By Leo Haggerty


Let me take you, my loyal readers, back to the middle of March in 2020.  That’s when, for all intents and purposes, the coronavirus brought normal life in the United States, and for that matter worldwide, to a screeching halt.

From a fan perspective, and I am one as well as a member of The Fifth Estate, we were just getting ready to settle in for the beginning of March Madness and the final weeks of the National Hockey League as well as the National Basketball Association regular season.  Spring training for Major League Baseball was starting to wind down plus the National Football League was gearing up for the 2020 Draft in late April and The Masters was right around the corner.  In the sports world, all was good .

Sadly, over the space of less than a week, it had vanished.  It seemed like Thanos had snapped his fingers and all professional sports, and for that matter the collegiate ones as well, ceased to exist and The Avengers were nowhere in sight to combat Covid.  It was a dark period of time for sports fans but for humanity in general as people started to succumb to the dreaded disease by the tens of thousands and there was no relief in sight.  Honestly, the light at the end of the tunnel in the spring of 2020 was the train coming to run you over.

We, as fans, were left without our beloved sports.  All four North American sports leagues immediately started to make plans if, and it was a big if, there was a safe way to resume or even begin their seasons.

Both the NHL and the NBA were the first to use the “bubble” concept and this allowed both of them to complete a retracted regular season as well as formulate a playoff scenario.  MLB redacted their regular season back to 60 games and a playoff agenda that would take place at specific locales.

The NFL had the luxury of seeing what worked for the other three leagues and eliminate from their blueprint what had failed.  The Shield was able to complete a full 16-game regular season, albeit on a delayed basis and with no fans in the stands, and a playoff second season culminating in the Super Bowl in Tampa.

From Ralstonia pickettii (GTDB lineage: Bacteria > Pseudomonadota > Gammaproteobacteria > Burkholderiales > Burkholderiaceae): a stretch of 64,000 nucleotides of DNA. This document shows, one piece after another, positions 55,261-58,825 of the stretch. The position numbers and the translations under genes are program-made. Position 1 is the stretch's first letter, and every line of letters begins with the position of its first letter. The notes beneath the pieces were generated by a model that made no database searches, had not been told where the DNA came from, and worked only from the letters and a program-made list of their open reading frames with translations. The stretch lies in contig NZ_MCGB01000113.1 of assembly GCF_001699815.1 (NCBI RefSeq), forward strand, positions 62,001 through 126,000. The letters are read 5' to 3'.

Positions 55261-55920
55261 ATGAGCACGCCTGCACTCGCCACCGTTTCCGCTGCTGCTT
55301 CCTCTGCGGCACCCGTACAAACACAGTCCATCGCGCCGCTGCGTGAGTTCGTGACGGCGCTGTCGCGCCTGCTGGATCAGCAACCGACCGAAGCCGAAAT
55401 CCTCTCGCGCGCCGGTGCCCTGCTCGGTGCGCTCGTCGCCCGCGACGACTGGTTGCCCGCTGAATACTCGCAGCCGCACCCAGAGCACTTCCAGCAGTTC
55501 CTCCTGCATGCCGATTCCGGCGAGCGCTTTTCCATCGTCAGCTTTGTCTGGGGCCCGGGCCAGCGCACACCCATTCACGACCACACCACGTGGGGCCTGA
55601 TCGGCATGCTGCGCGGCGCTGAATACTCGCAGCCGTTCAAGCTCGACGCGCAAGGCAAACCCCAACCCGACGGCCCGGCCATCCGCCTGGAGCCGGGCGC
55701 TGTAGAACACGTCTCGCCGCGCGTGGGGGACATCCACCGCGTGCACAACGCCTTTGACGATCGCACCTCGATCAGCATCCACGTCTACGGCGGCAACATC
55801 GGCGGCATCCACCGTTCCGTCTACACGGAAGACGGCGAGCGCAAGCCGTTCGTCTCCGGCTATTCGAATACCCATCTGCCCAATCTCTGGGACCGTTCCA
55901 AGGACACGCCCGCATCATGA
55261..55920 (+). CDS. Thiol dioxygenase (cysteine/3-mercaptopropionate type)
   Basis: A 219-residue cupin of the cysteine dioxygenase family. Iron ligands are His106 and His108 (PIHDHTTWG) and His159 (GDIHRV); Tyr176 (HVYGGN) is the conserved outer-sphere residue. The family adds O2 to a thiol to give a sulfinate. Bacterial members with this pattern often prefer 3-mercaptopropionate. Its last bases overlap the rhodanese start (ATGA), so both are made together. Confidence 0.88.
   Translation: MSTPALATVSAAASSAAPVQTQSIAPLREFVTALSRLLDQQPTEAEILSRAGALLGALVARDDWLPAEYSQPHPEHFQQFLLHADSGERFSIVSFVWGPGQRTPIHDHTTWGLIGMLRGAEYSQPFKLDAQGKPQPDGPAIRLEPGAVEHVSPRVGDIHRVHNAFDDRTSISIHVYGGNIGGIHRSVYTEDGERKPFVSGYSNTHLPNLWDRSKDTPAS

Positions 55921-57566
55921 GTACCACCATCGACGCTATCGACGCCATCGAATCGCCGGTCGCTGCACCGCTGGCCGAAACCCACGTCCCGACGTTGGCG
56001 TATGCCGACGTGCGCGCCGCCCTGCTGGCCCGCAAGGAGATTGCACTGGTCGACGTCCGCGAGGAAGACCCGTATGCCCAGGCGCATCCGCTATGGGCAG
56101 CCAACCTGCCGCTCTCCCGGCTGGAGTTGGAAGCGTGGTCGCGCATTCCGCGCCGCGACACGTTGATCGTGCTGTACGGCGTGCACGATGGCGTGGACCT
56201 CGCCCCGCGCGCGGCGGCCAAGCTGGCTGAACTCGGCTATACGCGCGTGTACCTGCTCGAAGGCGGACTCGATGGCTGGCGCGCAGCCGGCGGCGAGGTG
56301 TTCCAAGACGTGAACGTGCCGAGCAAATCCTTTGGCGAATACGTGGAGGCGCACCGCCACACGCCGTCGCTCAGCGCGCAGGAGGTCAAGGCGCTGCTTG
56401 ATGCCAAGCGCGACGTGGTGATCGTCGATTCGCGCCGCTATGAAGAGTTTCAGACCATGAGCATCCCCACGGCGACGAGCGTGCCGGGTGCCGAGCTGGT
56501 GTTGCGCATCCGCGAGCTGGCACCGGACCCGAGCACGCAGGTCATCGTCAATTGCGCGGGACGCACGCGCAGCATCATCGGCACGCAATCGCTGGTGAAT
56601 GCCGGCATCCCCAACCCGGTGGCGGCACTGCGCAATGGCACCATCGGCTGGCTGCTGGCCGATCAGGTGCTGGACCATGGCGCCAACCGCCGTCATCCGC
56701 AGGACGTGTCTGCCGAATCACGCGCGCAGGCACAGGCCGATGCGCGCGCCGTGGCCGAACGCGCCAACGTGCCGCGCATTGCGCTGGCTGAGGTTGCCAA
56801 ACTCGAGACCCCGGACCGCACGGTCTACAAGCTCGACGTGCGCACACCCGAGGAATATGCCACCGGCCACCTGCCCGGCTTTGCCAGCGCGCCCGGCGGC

Now, with all of that being said, Tampa Bay sports franchises managed to turn lemons into lemonade.  In fact, all three professional sports teams added a double shot of vodka to that concoction and let me tell you why.

Let’s start with the NHL and the Lightning.  Not only did the Bolts spend 67 days in the “Canadian Bubble” but came out of it capturing their second Stanley Cup with a 4-2 triumph over the Dallas Stars.  The boat parade and celebration at Raymond James Stadium was one for the ages.

Now, fast forward to the MLB and the Rays.  After delaying the opening of the 2020 regular season to July, the “little engine that could” continued to surpass all expectations by winning the American League pennant besting the Houston Astros in seven games.  It took the eventual World Series champion Los Angeles Dodgers six games to eliminate Tampa Bay.  If it wasn’t for a questionable managerial decision and a look-the-other-way positive test by one of the LA starters in Game 6 the outcome may have been different but that’s another story for another pontification.  Still, the Rays could hang a 2020 American League championship banner at Tropicana Field.

That takes us to September and that could only mean the NFL and the Buccaneers.  Enter former New England QB Tom Brady and fan expectations of the Pewter Pirates was rampant.  To the Bucs credit, the team did not disappoint.  After limping into their bye week after consecutive home losses to the Los Angeles Rams and Kansas City Chiefs  that dropped Tampa Bay to 7-5, the Buccaneers caught fire.  Four consecutive wins to close out the regular season along with three road playoff victories put the Pewter Pirates in a position to become the first NFL team to win a Super Bowl in their home stadium and the team did not disappoint.  The Bucs captured their second Lombardi Trophy with a 31-9 conquest of the defending Super Bowl champion Chiefs and the boat parade that followed certainly was on par with the Bolts victory flotilla.

That takes us to the present.  The Bolts are on the verge of capturing their second straight Stanley Cup.  They have a 2-0 advantage over the Montreal Canadians with Game 3 later today at the Bell Centre.  I’ll be writing a recap of that contest tomorrow so stay tuned for those results.

So, there you have it.  One Lombardi Trophy and one American League pennant and one Stanley Cup with another on the horizon possibly as early as the beginning of next week during the pandemic.

Yes, Covid has been a downer for everyone.  No question about that but, for the sports fans of the Tampa Bay professional sports teams, it’s been one hell of a ride over the past 17 months.  Please keep that seat belt buckled because there is a good chance there will be another championship coming to Tampa Bay or, should I say, Champa Bay real soon.